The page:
"In a dysfunctional workplace," she adds, "managers will say, 'You'll be held accountable for twice the sales volume, but you figure out how to get that.' A better approach would be to say, 'We need to raise sales, but here are the tools, this is how we'll train you and how we'll get you up to speed.' "
Scott said many agencies would rather look at employees as "dysfunctional nuts" than examine issues of leadership and management. What ends up happening is that troubled employees go to an EAP and then return to a disorganized workplace where no one feels inspired to work hard.
Studies have shown, says Scott, that in some cases, an employee's dysfunctional relationship with his or her boss can even lead to physical pain. Many employees with back pain, she says, are simply "mad and tired of being beaten down and their back hurts. These employees go through physical therapy to heal their backs-but as soon as they go back to work they are re-injured.
"Let's treat the place where we put the back to work," she said.
Marilynne Black, executive director of the Federal Systems Division at Zenger Miller, which offers training programs and services to individuals and organizations, says research shows that 85 percent of an organization's problems stem from the system rather than the employees. "One thing our company works with federal agencies on is changing the system that people are caught in and enlisting the help of employees in changing them so they can perform better."
The company also holds training sessions to help employees and supervisors deal with changes in the workplace. Throwing people into teams without training them how to work in this new setting, for instance, is a recipe for work dysfunction. A Zenger Miller study revealed that working in teams is stressful because members grapple with staying focused and reaching decisions.
Brenda Paulin, who conducts training seminars for Social Security Administration employees, says learning to coach teams helped her fight the instinct to solve her employees' problems and avoid perpetuating the dependency employees have on supervisors to take care of all their needs.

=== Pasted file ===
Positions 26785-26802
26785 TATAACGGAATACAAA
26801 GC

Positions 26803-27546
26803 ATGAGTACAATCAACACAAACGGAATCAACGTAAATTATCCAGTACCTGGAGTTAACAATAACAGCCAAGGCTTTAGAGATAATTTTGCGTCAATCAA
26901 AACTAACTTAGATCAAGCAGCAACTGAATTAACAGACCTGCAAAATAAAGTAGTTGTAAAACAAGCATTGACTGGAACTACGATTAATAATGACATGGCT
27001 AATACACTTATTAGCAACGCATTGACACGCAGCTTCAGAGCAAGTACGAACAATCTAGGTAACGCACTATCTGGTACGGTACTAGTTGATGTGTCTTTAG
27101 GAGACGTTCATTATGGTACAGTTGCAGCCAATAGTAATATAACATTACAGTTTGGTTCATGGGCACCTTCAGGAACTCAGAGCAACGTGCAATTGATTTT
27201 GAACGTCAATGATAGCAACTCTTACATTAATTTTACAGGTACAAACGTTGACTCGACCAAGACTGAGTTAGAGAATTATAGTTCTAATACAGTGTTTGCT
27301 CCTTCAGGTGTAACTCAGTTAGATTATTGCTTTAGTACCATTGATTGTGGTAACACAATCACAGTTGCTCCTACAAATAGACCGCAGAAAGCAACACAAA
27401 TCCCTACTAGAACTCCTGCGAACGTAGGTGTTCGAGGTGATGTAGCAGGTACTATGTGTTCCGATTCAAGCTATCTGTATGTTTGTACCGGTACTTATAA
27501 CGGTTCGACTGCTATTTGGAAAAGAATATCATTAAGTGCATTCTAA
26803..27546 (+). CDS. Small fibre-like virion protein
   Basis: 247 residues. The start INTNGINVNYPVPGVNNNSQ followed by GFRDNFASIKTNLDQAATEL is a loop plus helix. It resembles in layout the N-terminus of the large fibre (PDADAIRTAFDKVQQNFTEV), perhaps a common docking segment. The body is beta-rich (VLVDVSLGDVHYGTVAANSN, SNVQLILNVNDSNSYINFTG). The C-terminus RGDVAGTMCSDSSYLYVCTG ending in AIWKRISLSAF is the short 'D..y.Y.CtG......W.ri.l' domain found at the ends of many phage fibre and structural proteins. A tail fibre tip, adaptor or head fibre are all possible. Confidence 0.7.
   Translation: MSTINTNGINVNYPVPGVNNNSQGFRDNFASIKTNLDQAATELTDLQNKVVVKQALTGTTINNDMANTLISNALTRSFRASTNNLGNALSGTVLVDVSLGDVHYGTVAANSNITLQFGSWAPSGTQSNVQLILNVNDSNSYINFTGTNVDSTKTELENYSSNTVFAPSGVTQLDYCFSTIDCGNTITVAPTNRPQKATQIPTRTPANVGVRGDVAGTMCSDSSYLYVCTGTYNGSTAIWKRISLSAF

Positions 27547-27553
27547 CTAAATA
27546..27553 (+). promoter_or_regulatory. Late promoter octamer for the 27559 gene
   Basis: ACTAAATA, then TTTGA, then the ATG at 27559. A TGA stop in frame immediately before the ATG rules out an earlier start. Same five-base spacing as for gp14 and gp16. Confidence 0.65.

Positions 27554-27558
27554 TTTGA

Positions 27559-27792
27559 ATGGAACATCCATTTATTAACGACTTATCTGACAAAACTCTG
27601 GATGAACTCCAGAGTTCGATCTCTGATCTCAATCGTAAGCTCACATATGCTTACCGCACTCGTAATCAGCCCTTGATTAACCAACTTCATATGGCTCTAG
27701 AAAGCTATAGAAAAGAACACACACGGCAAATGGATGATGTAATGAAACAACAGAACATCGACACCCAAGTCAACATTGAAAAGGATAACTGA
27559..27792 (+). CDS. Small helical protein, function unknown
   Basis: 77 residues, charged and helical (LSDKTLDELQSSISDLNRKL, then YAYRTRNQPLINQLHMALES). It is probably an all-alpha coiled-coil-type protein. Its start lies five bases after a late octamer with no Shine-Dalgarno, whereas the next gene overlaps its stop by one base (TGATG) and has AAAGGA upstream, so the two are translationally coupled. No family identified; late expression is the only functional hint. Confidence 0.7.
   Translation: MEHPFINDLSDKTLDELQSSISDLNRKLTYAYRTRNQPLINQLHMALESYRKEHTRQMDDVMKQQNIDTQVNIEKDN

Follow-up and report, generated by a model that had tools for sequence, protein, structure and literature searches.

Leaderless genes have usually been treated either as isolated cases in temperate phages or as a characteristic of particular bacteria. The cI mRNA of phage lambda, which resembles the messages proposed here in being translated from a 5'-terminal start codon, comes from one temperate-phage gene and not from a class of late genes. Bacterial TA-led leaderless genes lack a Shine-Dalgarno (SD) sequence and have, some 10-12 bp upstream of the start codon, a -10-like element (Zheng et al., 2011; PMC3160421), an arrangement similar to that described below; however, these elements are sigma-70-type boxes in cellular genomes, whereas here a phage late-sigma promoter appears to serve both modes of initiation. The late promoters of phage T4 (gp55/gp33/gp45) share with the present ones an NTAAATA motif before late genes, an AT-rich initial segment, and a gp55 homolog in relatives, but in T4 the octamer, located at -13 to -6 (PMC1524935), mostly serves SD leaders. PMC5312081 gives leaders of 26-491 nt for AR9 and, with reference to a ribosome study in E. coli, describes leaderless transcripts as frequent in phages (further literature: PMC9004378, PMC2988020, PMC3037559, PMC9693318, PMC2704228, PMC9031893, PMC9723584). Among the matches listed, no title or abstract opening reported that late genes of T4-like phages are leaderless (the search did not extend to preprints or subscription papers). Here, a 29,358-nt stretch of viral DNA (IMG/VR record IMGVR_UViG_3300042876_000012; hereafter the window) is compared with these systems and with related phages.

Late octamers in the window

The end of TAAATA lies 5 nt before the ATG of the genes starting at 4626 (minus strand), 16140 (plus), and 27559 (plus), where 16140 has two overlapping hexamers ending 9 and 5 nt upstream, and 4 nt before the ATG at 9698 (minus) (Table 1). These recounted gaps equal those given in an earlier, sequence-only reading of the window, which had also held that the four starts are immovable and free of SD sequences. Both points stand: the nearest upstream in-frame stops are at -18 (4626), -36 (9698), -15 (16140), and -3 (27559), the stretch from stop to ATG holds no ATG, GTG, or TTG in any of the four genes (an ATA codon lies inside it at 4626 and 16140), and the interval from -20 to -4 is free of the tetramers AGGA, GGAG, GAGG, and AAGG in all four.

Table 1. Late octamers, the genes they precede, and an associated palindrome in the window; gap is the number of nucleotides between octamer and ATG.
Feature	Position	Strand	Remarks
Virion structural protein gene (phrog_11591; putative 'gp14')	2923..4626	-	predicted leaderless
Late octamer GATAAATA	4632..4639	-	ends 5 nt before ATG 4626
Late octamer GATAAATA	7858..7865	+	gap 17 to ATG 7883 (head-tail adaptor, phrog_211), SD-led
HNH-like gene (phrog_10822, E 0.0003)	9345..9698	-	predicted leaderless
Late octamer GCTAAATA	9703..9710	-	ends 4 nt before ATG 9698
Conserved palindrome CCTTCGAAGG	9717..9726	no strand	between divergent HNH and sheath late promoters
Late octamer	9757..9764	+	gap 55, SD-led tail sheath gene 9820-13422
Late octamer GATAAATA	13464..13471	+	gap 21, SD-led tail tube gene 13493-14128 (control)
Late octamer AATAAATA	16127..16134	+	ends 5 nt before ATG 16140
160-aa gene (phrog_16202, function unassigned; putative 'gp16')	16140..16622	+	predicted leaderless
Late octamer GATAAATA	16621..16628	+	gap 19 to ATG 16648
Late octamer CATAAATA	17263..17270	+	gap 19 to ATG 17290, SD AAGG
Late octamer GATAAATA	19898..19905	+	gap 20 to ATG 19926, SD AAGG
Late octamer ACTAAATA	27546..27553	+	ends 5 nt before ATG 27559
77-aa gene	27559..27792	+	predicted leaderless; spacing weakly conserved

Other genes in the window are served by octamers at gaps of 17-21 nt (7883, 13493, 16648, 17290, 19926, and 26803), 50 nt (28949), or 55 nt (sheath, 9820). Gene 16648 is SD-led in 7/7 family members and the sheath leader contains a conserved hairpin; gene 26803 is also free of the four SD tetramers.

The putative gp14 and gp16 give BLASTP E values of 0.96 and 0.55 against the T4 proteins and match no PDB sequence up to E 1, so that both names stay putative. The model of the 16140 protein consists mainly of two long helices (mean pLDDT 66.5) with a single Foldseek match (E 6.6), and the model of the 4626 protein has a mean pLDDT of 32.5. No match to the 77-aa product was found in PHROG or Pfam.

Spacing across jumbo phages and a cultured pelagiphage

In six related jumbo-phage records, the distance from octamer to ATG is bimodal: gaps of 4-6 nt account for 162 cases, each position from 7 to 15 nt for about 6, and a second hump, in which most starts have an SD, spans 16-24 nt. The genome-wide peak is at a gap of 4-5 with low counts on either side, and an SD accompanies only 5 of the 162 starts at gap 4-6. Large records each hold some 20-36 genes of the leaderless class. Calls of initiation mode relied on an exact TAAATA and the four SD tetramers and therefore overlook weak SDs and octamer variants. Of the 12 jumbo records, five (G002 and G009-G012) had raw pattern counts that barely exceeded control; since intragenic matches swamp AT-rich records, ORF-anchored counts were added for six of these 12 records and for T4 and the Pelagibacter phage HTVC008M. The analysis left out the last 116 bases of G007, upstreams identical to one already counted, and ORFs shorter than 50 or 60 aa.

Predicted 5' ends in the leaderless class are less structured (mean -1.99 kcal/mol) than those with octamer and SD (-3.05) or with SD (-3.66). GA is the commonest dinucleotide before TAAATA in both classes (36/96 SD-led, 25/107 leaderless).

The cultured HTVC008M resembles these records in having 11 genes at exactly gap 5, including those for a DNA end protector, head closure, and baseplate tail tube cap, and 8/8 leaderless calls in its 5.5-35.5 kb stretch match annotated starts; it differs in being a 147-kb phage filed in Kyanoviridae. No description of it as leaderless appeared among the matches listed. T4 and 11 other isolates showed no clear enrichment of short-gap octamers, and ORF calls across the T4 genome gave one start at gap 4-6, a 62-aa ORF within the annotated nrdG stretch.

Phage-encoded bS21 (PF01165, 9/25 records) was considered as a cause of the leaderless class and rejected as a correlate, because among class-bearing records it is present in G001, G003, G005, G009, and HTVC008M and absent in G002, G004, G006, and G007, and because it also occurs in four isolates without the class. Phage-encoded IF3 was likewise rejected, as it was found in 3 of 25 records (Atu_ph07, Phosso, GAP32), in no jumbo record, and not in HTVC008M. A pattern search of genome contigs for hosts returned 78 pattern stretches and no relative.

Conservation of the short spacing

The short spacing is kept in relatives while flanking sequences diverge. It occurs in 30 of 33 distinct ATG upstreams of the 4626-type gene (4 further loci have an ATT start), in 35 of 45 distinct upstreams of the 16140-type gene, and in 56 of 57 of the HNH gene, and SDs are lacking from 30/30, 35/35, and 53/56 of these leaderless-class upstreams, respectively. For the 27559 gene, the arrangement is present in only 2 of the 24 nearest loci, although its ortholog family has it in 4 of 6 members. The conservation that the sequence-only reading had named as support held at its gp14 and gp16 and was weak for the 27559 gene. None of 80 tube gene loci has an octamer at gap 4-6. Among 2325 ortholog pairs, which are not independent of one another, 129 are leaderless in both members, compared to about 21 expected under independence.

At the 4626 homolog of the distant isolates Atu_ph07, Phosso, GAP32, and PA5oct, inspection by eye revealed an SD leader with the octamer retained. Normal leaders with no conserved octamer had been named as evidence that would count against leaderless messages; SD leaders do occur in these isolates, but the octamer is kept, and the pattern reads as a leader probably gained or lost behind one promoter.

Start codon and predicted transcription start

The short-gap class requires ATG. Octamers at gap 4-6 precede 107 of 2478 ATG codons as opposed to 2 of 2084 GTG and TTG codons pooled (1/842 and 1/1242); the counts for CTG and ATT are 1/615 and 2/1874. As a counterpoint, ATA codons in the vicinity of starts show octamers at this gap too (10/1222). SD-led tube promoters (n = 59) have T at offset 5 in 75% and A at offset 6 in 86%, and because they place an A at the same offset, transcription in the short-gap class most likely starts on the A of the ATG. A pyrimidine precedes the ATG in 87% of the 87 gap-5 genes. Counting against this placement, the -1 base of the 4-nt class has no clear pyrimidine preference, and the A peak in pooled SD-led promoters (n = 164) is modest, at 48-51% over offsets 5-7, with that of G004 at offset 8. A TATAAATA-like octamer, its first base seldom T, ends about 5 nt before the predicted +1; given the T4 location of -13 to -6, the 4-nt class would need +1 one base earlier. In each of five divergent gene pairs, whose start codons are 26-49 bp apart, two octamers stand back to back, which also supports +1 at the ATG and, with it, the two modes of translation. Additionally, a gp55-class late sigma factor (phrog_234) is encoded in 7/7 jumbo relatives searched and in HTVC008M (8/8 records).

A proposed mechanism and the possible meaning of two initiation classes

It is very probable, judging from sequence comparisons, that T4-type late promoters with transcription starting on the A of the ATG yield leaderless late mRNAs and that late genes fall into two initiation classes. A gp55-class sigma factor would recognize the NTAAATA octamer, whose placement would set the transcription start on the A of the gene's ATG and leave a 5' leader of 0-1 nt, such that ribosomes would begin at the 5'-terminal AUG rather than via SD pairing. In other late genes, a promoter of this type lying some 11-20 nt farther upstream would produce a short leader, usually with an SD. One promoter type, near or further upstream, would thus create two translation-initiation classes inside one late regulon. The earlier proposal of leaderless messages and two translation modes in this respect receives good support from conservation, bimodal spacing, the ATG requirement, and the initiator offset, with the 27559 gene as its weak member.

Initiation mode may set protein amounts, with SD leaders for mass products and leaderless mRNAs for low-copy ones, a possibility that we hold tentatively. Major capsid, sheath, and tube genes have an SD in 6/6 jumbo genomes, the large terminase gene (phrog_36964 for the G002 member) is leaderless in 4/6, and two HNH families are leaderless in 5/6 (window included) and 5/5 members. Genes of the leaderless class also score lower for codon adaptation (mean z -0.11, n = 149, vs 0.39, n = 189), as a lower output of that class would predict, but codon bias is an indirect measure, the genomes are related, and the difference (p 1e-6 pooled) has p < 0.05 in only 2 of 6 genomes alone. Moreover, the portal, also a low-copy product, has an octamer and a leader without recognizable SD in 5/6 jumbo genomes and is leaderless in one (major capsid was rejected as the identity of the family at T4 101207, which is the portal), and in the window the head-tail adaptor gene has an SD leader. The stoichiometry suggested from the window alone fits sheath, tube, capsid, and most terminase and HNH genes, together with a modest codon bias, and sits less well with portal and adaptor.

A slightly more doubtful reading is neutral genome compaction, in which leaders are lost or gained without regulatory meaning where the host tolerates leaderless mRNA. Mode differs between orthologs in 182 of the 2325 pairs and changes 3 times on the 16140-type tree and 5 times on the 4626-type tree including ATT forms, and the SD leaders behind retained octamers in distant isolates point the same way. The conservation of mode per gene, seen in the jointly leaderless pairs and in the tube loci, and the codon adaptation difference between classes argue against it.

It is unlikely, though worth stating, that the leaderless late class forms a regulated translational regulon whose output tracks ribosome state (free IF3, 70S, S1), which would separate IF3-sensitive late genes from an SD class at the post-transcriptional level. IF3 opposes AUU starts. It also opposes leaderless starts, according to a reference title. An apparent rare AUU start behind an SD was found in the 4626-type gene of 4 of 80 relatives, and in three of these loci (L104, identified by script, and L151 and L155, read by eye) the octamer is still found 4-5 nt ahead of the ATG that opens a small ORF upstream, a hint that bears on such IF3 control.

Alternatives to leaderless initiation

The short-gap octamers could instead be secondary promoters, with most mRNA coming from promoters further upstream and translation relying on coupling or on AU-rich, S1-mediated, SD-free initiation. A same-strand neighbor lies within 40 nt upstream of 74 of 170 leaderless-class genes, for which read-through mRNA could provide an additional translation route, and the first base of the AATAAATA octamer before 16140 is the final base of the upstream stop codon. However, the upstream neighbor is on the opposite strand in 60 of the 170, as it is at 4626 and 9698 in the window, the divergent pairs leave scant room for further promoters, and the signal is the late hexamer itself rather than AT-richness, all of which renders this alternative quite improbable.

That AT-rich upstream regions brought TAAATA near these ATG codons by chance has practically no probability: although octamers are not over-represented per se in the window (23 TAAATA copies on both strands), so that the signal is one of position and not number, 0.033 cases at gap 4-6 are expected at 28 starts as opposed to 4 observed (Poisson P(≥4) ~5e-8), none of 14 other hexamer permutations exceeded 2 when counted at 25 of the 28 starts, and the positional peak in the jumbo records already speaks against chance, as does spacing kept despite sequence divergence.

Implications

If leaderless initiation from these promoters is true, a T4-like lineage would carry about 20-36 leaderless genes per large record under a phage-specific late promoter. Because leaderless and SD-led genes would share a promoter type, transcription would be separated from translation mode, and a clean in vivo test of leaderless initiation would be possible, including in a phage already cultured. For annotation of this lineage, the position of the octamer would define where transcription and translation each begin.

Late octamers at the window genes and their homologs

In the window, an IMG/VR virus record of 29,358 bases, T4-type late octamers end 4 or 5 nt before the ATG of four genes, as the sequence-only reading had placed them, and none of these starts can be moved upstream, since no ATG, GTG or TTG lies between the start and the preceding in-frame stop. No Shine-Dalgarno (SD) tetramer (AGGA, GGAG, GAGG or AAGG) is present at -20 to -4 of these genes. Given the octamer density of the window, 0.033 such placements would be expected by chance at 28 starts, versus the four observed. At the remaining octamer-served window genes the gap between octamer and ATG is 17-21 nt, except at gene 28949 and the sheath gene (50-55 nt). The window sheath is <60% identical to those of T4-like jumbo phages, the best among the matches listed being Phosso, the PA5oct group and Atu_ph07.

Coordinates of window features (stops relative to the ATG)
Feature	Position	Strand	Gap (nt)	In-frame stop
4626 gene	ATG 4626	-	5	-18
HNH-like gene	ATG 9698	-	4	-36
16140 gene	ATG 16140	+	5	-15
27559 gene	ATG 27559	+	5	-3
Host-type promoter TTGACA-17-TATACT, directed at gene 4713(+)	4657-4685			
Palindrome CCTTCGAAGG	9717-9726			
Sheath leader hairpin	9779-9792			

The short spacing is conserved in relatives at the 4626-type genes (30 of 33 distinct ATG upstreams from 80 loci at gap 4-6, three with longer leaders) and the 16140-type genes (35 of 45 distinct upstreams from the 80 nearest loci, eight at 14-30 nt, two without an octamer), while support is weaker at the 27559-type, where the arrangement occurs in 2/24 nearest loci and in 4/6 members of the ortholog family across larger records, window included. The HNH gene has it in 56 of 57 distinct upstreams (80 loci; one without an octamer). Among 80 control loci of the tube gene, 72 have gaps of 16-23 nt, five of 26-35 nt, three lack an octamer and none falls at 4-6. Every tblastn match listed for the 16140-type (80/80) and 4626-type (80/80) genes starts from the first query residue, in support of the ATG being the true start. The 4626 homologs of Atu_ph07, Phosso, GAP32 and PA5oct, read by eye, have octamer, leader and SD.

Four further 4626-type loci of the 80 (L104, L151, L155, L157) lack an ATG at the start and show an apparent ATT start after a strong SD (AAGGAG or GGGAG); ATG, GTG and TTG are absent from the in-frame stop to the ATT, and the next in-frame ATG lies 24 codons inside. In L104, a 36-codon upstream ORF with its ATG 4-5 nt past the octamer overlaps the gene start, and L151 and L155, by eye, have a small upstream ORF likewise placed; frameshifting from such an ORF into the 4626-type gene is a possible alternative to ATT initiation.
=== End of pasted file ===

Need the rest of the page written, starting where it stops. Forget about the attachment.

When two people are bickering at a meeting, Paulin expresses how uncomfortable that makes her feel then invites other members of the group to share their thoughts about the incident. If someone is dominating the discussion, she may say, "I appreciate your feedback; now let's hear from the others."
"The training took me away from the old school of planning, directing and controlling and helped me realize that . . . I'm not expected to sit in the ivory tower. My role happens to be a manager, but I'm part of this group. . . . The training made me more comfortable in what I do. I could communicate with my staff and request feedback."
Many agencies fail to adequately train their managers. In a 1992 report, Federal First-Line Supervisors: How Good Are They? the Merit Systems Protection Board concluded that "supervisory training is an area that has not received the attention it warrants in many federal organizations."
Just as a family may forgo therapy because money is short, government agencies tend to cut training when fiscal constraints come down. Managers often get little help in dealing with a stressed-out workforce in a radically changed government structure. But they shouldn't despair.
Despite the similarities between family and work dysfunctions, says Lowman, there is one glaring difference that benefits supervisors. "If you do something bad in your family, it's hard to get rid of you. In the workplace, there is greater control over an employee's behavior."
Marc Frankel, a senior partner with the Leadership Innovation Association, a consulting firm that trains managers, urges executives to seize the moments in which they can influence their employees to change their behavior-and avoid repeating patterns from the person's childhood.
"The defining moment," said Frankel, "is the point at which the manager's expectations are not met. . . . Managers should communicate this. I'm not going to let you go through five wake-up calls anymore. So you better take the first one seriously."
Stop treating employees like children, says Frankel, and they may start acting like adults.